A few weeks ago a box of wine arrived at my front door. Since I write about wine for international publications, being sent samples for review is a fairly regular occurrence. This time, however, something was very different. For the first time in my career as a writer on wine, I was sent a box of samples that included... not wine.

The box from Wölffer Estate Vineyard on Long Island included two mini-bottles of something labeled "Petite Rosé," a sparkling alcohol-free juice beverage made, the back label states, "from pressing unripe vinifera grapes into a uniquely refreshing drink or mixer."

I felt a little disoriented. On second thought, however, the move makes perfect sense for this winery in two specific ways--and every entrepreneur should learn from the strategy. Here's why.

It's as on-brand as it gets.

Bottling "mini rosé" is perfectly on-brand for this producer. Wölffer is a very well-respected producer of sustainably farmed vines in Sagaponack, New York. The box of samples I received also included "regular" rosé wines (with alcohol), but I found myself distracted by the non-alcohol Petite Rosé.

The tasting sheet for this "verjus spritzer," made from grapes grown on the North Fork of Long Island, encourages "anybody who does not want to drink alcohol" to enjoy it chilled casually with any meal, in a flute for an elegant toast, as the main ingredient for a cocktail, or incorporated into sauces or salad dressings.

The takeaway? I can think of several, and they apply to any business that's concerned with smart strategy around brand extensions:

  • Turn your core offering on its head to generate interest and awareness. Even though wineries by definition are alcohol-driven businesses, opening the door to a non-alcoholic product line boosts curiosity in the brand itself, particularly when the brand emphasizes its sensitivity to consumers who can't or don't want to consume alcohol.
  • Reconsider packaging and the context for the experience of your product. The small-format (375 ml) Petite Rosé bottles align perfectly with another popular trend in the wine industry right now, which is packaging wine in single-serving cans. The small format is also a "fit" for outdoor/picnic meals and the summer season, which is like Christmas in July for rosé producers.
  • Embrace the freedom and versatility of something new or weird. Every wine sample comes with a "tech sheet," or a one-page summary of the most important information about the wine, like vintage, grape varietal and tasting notes. On the tech sheet for the Petite Rosé, Wölffer emphasized the versatility of the product. It's an injection of freedom, when wine itself often seems to adhere to a fairly strict status quo. Also, the more ways you incorporate the Petite Rosé into your lifestyle, the more bottles of it you buy.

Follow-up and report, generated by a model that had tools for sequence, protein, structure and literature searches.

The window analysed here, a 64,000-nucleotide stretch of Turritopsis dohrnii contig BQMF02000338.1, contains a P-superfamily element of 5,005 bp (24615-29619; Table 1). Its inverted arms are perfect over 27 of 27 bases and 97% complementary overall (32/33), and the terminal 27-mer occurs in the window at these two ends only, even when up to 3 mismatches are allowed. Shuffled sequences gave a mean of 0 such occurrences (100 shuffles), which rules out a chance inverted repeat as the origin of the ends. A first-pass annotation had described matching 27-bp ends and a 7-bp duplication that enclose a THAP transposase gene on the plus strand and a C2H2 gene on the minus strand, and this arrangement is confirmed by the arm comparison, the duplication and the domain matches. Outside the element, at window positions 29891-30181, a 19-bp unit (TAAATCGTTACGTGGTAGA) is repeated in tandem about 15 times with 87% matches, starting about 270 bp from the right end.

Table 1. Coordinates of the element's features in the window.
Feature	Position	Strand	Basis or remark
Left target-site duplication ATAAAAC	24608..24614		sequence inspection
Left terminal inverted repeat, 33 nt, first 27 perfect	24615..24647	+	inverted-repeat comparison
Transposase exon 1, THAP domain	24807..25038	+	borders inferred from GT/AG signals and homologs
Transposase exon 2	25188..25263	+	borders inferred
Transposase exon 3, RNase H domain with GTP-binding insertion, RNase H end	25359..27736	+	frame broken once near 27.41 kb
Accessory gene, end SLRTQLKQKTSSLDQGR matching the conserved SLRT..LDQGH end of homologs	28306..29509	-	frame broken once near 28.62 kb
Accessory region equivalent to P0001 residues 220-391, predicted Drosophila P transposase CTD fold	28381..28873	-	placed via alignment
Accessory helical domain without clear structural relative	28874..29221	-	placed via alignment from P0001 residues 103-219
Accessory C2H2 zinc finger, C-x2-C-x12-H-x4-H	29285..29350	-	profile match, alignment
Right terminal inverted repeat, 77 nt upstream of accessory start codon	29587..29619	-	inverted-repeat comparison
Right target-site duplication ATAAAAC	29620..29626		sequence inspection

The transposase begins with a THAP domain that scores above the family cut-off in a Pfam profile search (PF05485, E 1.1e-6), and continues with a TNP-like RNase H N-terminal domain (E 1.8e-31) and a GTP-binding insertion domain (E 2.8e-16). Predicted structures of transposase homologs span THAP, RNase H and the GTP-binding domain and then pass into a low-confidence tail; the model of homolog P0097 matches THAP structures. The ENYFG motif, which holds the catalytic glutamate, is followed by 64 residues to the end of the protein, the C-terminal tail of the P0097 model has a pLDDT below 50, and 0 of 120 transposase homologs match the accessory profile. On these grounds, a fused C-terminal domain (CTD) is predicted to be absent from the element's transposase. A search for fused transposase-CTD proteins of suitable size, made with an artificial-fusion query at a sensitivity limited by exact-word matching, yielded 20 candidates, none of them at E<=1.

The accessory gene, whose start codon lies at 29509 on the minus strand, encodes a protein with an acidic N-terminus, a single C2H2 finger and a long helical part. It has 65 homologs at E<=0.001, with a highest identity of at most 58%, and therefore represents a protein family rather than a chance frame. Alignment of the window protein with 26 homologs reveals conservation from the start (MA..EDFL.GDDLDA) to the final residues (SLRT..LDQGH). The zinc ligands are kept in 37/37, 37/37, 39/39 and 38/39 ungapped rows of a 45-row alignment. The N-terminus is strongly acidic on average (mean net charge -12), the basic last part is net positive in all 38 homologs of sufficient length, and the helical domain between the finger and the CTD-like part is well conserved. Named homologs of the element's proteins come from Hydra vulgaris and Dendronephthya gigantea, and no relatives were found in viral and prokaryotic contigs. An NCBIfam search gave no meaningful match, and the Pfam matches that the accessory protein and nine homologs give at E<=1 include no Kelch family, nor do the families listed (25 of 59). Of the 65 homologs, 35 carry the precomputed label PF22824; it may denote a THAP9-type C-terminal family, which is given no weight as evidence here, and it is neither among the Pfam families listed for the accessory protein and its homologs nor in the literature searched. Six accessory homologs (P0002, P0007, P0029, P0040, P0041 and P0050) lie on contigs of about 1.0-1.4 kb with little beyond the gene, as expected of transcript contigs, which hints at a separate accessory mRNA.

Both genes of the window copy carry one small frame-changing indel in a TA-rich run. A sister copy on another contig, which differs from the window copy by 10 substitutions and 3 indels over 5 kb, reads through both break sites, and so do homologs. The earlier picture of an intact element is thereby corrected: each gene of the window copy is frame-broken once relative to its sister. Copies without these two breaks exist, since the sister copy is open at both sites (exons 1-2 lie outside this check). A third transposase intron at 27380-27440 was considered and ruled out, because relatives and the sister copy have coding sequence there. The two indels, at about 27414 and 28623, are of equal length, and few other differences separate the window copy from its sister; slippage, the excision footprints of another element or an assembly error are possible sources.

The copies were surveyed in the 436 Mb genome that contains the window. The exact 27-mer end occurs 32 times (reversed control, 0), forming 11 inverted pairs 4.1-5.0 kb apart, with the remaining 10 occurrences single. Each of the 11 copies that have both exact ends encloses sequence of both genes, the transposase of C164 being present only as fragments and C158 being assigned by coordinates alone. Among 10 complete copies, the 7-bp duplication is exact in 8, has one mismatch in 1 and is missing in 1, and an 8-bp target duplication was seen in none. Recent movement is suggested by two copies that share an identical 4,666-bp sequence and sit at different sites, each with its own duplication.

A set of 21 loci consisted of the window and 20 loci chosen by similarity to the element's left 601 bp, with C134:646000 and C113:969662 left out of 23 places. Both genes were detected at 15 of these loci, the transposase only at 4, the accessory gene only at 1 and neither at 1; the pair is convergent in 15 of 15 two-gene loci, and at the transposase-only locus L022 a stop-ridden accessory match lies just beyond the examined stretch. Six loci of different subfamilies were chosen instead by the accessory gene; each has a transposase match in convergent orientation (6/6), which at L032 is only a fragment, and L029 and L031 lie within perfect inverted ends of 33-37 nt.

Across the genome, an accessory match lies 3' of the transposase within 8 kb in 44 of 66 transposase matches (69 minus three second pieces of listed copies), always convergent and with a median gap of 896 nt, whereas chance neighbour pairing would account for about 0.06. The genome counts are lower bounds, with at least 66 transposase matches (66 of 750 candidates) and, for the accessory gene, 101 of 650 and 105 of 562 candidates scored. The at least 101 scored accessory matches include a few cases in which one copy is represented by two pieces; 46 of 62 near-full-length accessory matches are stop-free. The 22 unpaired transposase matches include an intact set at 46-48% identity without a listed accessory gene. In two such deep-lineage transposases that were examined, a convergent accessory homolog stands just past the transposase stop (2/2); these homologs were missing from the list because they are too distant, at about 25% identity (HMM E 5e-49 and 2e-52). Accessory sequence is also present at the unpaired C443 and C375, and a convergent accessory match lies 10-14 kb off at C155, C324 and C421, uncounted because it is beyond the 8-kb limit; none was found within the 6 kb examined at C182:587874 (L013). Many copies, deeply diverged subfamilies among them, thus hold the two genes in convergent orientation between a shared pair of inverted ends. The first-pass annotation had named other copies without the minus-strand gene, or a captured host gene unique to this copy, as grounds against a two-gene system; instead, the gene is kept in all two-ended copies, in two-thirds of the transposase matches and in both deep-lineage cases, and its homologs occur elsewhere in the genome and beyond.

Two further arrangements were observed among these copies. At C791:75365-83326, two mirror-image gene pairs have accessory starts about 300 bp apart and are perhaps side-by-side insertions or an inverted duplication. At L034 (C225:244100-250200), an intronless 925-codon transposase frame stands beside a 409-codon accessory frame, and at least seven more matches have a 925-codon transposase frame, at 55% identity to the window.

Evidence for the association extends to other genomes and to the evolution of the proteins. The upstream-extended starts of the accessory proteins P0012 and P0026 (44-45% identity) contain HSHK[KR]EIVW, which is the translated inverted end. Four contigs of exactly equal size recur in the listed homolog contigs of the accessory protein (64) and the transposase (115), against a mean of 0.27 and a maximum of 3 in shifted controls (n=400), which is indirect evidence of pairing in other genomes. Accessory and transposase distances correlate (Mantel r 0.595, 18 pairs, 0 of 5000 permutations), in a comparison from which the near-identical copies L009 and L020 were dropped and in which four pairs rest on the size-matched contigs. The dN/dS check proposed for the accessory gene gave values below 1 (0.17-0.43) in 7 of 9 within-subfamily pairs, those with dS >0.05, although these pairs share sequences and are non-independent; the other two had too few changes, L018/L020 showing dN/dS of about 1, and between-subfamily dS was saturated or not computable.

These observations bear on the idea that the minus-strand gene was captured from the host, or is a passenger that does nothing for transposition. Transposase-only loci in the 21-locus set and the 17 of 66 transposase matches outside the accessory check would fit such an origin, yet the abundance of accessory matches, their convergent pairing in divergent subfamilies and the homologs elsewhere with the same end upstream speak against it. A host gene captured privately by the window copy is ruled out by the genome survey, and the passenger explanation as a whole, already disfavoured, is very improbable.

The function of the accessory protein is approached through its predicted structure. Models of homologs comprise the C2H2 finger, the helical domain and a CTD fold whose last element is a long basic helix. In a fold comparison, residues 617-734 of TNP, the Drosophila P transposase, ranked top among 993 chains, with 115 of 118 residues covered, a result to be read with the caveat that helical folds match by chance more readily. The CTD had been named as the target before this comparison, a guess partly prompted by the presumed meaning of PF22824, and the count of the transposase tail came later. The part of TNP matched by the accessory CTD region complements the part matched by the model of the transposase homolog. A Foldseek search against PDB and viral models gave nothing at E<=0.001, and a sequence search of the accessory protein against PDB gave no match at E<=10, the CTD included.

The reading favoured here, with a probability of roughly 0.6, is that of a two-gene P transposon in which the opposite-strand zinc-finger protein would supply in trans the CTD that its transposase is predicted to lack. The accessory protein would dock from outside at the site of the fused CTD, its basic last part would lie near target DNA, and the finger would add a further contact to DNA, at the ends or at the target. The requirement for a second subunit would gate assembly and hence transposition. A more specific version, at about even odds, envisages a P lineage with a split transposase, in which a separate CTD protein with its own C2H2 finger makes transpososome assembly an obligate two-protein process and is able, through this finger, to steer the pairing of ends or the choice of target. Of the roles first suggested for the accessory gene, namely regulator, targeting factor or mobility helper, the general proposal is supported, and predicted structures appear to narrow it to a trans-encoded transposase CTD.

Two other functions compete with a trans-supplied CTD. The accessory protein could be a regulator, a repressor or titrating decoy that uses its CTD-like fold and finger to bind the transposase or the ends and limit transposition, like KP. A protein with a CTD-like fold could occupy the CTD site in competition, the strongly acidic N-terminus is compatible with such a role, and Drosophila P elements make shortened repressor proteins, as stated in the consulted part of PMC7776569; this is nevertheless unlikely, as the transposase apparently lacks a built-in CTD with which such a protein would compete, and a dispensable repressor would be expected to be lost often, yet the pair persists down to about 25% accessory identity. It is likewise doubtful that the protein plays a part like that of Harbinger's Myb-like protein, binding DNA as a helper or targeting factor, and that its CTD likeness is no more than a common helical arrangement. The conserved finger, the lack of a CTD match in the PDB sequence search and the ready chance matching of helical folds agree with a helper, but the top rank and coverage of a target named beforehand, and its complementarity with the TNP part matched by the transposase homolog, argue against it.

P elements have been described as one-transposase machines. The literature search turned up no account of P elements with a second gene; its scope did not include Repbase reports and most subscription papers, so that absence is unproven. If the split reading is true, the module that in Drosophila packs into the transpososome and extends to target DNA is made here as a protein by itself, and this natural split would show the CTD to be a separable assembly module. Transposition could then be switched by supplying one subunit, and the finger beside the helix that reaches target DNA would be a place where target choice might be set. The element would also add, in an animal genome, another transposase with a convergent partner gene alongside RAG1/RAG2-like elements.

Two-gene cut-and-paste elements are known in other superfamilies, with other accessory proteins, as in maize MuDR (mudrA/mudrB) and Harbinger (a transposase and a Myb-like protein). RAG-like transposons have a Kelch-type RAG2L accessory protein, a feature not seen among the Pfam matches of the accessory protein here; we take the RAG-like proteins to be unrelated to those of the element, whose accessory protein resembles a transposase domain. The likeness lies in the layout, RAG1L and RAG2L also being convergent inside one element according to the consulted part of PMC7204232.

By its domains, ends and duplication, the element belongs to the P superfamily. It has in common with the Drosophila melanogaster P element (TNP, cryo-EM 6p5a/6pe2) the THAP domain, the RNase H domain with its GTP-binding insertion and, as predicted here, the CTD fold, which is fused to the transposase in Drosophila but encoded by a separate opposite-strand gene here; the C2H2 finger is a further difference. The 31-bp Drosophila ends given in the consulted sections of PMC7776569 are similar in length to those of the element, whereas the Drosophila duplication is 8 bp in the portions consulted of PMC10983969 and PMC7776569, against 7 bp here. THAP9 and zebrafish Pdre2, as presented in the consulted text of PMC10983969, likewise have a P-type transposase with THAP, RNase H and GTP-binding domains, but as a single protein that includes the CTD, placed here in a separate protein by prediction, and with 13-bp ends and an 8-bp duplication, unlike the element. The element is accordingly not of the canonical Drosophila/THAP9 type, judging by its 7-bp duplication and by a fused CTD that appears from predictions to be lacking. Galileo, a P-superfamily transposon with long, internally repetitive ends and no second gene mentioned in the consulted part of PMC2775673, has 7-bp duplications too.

It taps into a trend that matters to your audience.

The second logical reason for a wine brand to offer a non-wine product is grounded in the movement, in the U.S. and abroad, of consumers drinking less and less alcohol. That's both in terms of quantity and in terms of percentage of alcohol within the beverage itself.

It's a real trend. Plenty of companies--the beverage giant AB InBev, for example--created new global positions last year for nonalcoholic beverage efforts. Nonalcoholic drinks like as energy drinks and nonalcoholic beers already make up more than 10 percent of AB InBev's volumes.

What business wouldn't want in on that? It means pivoting, often with the help of more innovative technologies.

Companies from California to France have gotten in on the act. A non-alcoholic offering from Paso Robles, California, for example, follows much the same protocol as many "regular wines," from sustainably managed winery to fermentation in stainless steel to aging in oak barrels. The differentiator? Removing the alcohol just before bottling by using a cold filtration method.

Conventional? Almost, except for that last step.

It's the classic "same but different" story. Do these no-alcohol wines look the same in the glass? Yes, which means they fit within the comfort zone of consumers who are mindful of this particular priority. Yet the wines are different in the way that, in an increasing number of situations, matters most.

It may be that your business will benefit from exploring a total 180 pivot, or it may be that you can keep everything the same except for that one last twist at the end. Either way, there's benefit in experimenting with what is, seemingly, contrary business strategy.